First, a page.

Apr
29
2009

Does Torture Work, or Might Therapy Be More Effective?

A couple of recent FAIR Blog posts have dealt with apologists for torture: Washington Post columnist Richard Cohen and former CIA interrogator John Kiriakou, who misled ABC News about the effectiveness of waterboarding. What's striking is how they both offer the same insight into why torture is attractive–it met their post-September 11 psychological needs.

Kiriakou told ABC (12/10/07): "At the time I was so angry and I wanted so much to help disrupt future attacks on the United States that I felt it was the only thing we could do."

He sounds a lot like Cohen writing in the Post (4/28/09):

The horror of September 11 resides in me like a dormant pathogen. It took a long time before I could pass a New York fire station–the memorials still fresh–without tearing up. I vowed vengeance that day–yes, good Old Testament-style vengeance–and that ember glows within me still. I know that nothing Obama did this month about torture made America safer.

It doesn't sound like it's about making America safer, though, does it? It sounds like it's about taking care of Richard Cohen's deep psychic wounds. Does torture work–to make newspaper pundits feel better? That seems to be the real question on the table.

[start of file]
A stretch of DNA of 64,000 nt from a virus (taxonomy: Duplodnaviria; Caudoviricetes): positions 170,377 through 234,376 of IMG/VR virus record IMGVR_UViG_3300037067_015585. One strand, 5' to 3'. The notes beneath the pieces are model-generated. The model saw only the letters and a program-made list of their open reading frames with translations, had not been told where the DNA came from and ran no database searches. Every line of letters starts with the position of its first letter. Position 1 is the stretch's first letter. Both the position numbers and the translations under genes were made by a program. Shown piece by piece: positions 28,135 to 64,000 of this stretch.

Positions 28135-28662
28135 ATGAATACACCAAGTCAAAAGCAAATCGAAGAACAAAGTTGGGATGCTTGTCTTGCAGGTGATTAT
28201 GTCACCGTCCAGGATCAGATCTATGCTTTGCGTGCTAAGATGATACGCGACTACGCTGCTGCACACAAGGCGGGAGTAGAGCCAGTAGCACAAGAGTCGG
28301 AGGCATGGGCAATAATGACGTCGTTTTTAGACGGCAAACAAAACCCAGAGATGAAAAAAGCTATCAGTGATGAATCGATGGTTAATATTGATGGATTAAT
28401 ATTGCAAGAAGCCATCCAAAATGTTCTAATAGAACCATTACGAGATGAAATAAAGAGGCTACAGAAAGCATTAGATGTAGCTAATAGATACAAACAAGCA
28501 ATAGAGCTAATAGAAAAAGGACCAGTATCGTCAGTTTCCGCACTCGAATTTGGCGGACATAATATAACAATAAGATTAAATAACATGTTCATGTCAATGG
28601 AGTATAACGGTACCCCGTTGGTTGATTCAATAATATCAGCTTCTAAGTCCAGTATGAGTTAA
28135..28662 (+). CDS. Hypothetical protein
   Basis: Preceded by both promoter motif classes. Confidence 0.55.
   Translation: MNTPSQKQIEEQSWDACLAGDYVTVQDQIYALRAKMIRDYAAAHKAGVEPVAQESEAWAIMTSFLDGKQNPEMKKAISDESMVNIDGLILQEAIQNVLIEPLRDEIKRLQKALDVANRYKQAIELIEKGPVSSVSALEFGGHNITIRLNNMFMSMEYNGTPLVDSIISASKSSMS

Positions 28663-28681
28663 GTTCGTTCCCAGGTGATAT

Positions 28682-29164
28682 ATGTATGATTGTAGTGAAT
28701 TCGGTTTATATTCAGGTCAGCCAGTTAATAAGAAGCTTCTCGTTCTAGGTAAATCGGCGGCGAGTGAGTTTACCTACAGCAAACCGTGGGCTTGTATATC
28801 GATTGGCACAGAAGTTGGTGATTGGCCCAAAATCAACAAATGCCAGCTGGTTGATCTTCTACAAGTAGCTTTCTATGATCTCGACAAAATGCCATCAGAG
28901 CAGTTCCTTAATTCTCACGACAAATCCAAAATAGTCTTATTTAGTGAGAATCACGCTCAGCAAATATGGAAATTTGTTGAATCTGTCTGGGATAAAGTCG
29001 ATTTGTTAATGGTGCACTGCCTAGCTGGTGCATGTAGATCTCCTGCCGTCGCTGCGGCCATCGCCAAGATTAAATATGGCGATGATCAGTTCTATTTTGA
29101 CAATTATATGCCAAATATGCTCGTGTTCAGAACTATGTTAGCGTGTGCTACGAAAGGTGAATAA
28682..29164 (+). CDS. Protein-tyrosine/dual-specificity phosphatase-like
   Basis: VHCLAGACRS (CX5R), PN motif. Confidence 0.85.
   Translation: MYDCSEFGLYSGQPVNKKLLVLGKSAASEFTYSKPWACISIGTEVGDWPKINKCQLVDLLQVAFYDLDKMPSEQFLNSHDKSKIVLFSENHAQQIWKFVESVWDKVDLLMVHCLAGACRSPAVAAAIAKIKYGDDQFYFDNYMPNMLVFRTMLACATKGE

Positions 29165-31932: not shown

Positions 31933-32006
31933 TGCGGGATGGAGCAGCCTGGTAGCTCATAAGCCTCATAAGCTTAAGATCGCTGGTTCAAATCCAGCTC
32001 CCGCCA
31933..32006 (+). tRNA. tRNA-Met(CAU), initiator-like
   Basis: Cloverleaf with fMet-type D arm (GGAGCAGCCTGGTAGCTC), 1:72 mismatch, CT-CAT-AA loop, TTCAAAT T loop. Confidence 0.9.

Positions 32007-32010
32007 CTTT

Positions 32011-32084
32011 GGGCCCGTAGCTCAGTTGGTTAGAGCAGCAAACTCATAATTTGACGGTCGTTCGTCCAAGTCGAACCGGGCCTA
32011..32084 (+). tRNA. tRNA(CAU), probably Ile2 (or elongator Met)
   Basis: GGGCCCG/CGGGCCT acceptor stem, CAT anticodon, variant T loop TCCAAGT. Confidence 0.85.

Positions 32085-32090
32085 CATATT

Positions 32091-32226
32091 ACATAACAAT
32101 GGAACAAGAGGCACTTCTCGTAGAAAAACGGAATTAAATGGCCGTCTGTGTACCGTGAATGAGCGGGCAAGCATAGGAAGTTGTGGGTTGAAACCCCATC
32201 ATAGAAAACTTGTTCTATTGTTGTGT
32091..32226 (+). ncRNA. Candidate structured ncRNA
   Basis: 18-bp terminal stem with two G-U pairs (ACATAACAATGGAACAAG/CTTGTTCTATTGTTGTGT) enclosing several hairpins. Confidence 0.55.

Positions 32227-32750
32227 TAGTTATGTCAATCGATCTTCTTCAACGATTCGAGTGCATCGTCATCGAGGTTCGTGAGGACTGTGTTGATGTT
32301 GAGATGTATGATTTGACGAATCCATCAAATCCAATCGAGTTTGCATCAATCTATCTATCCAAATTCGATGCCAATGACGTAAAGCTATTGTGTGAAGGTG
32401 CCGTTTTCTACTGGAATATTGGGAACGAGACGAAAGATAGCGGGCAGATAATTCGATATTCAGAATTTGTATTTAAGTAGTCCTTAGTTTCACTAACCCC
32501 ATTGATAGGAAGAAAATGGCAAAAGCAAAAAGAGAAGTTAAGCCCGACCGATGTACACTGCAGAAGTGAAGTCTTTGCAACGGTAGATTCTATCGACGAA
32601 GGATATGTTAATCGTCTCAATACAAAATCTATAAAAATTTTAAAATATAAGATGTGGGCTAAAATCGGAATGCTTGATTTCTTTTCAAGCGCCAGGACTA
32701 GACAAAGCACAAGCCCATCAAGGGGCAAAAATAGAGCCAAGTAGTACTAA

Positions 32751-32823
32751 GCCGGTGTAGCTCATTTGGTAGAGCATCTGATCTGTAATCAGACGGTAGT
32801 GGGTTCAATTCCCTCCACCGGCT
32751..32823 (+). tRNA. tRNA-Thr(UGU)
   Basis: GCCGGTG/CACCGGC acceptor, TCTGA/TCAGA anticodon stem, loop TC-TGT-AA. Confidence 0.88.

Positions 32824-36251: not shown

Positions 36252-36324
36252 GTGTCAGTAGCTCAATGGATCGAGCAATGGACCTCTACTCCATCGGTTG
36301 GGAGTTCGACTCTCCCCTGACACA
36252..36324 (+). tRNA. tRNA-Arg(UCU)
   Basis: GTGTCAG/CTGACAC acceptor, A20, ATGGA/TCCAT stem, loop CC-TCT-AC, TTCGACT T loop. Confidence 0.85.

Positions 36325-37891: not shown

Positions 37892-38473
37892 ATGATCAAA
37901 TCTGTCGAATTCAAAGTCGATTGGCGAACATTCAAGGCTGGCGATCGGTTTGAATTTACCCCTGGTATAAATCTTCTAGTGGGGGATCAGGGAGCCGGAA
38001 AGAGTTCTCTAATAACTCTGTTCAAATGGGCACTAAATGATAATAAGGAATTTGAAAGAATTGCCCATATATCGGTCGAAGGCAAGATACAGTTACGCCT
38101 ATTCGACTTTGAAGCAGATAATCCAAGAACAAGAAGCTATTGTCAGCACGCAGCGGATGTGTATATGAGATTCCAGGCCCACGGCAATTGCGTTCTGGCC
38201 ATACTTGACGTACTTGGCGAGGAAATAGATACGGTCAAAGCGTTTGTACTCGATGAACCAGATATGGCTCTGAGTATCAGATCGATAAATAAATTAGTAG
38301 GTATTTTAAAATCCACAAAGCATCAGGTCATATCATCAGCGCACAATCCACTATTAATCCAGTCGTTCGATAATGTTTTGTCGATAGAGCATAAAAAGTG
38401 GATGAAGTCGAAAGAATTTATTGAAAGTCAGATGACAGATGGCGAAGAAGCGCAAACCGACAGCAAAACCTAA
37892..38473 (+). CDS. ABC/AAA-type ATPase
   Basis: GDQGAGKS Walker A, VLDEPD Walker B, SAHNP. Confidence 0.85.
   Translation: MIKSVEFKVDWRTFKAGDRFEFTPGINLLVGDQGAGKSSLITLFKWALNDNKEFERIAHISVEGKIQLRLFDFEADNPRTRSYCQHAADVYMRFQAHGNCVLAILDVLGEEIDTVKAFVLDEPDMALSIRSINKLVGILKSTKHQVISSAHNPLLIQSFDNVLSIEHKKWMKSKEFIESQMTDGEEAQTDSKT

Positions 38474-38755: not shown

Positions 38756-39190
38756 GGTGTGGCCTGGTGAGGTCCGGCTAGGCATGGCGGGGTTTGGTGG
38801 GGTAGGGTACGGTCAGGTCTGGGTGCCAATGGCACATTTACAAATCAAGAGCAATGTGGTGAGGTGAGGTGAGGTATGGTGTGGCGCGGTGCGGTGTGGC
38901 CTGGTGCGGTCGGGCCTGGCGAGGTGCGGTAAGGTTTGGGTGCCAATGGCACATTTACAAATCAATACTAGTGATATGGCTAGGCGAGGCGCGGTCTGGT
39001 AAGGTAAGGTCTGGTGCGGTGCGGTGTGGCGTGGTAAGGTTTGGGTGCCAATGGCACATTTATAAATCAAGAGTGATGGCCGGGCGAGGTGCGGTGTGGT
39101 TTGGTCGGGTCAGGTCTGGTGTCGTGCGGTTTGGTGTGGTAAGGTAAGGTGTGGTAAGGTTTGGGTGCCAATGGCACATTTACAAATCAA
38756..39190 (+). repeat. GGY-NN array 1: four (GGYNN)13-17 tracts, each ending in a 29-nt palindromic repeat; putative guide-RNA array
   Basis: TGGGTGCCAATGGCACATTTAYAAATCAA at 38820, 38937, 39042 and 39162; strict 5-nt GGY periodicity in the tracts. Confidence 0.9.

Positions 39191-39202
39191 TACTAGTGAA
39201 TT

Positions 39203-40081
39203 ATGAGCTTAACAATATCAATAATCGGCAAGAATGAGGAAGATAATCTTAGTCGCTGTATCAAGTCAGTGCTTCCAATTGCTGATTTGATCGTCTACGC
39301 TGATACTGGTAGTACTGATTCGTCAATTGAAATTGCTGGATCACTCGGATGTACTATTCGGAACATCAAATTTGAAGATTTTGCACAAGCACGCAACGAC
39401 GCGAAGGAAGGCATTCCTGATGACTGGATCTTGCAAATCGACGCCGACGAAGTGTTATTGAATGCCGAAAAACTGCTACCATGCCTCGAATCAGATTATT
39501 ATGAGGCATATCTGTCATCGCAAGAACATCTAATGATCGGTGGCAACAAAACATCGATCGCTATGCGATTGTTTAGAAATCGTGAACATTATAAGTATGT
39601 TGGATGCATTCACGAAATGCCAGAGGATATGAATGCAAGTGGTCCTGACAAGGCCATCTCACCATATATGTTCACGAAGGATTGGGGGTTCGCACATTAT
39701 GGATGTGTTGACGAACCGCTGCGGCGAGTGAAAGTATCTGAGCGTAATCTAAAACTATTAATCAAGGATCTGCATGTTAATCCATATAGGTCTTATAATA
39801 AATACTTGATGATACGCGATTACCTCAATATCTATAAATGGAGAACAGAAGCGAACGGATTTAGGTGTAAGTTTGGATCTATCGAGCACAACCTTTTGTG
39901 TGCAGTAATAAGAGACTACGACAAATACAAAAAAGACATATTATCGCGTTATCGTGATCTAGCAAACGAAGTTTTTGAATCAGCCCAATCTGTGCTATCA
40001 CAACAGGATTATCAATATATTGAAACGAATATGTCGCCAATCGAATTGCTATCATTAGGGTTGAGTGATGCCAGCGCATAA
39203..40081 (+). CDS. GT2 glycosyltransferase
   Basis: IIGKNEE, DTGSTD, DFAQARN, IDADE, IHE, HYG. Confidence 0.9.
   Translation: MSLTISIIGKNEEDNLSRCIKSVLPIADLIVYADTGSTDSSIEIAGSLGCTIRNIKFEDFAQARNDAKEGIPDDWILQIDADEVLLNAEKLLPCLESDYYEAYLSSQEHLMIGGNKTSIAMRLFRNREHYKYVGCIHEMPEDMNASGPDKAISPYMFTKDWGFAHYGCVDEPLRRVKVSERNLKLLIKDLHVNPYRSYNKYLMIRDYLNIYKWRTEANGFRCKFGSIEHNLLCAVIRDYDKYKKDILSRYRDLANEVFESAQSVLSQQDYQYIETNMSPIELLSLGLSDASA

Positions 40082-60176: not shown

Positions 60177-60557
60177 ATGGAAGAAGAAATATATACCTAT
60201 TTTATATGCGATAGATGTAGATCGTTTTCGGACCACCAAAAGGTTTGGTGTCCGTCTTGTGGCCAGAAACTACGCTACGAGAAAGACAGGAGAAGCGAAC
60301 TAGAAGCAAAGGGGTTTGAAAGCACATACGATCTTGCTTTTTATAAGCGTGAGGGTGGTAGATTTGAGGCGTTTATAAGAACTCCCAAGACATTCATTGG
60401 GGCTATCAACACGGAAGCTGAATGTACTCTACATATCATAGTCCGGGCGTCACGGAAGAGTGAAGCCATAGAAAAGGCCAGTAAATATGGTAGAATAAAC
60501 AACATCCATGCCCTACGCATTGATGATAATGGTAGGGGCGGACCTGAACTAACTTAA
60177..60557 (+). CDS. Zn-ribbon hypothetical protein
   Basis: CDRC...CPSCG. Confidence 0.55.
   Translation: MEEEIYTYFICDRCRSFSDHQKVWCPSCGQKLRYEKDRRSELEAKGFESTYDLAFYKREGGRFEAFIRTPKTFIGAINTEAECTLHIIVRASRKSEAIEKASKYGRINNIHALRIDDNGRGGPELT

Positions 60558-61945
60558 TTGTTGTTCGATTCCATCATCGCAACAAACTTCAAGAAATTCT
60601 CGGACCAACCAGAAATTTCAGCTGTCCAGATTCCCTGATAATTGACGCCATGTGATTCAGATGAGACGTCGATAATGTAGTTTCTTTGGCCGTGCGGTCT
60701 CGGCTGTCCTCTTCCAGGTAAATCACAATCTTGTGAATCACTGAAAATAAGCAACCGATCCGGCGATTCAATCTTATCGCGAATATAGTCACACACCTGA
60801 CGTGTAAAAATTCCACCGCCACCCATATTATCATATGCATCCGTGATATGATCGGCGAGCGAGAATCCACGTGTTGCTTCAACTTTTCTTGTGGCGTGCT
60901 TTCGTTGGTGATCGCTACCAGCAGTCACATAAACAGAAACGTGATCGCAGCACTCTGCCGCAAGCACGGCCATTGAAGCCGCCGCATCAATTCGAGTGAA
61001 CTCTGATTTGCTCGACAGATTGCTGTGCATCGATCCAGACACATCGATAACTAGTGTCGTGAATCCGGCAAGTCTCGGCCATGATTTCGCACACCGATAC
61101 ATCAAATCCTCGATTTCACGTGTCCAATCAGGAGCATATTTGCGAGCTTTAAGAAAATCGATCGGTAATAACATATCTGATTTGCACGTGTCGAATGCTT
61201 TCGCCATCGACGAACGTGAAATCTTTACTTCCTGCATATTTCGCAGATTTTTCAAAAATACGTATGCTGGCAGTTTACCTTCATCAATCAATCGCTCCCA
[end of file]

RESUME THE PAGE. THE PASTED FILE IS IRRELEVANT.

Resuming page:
About Jim Naureckas

Extra! Magazine Editor Since 1990, Jim Naureckas has been the editor of Extra!, FAIR's monthly journal of media criticism. He is the co-author of The Way Things Aren't: Rush Limbaugh's Reign of Error, and co-editor of The FAIR Reader: An Extra! Review of Press and Politics in the '90s. He is also the co-manager of FAIR's website. He has worked as an investigative reporter for the newspaper In These Times, where he covered the Iran-Contra scandal, and was managing editor of the Washington Report on the Hemisphere, a newsletter on Latin America. Jim was born in Libertyville, Illinois, in 1964, and graduated from Stanford University in 1985 with a bachelor's degree in political science. Since 1997 he has been married to Janine Jackson, FAIR's program director. You can follow Jim on Twitter at @JNaureckas.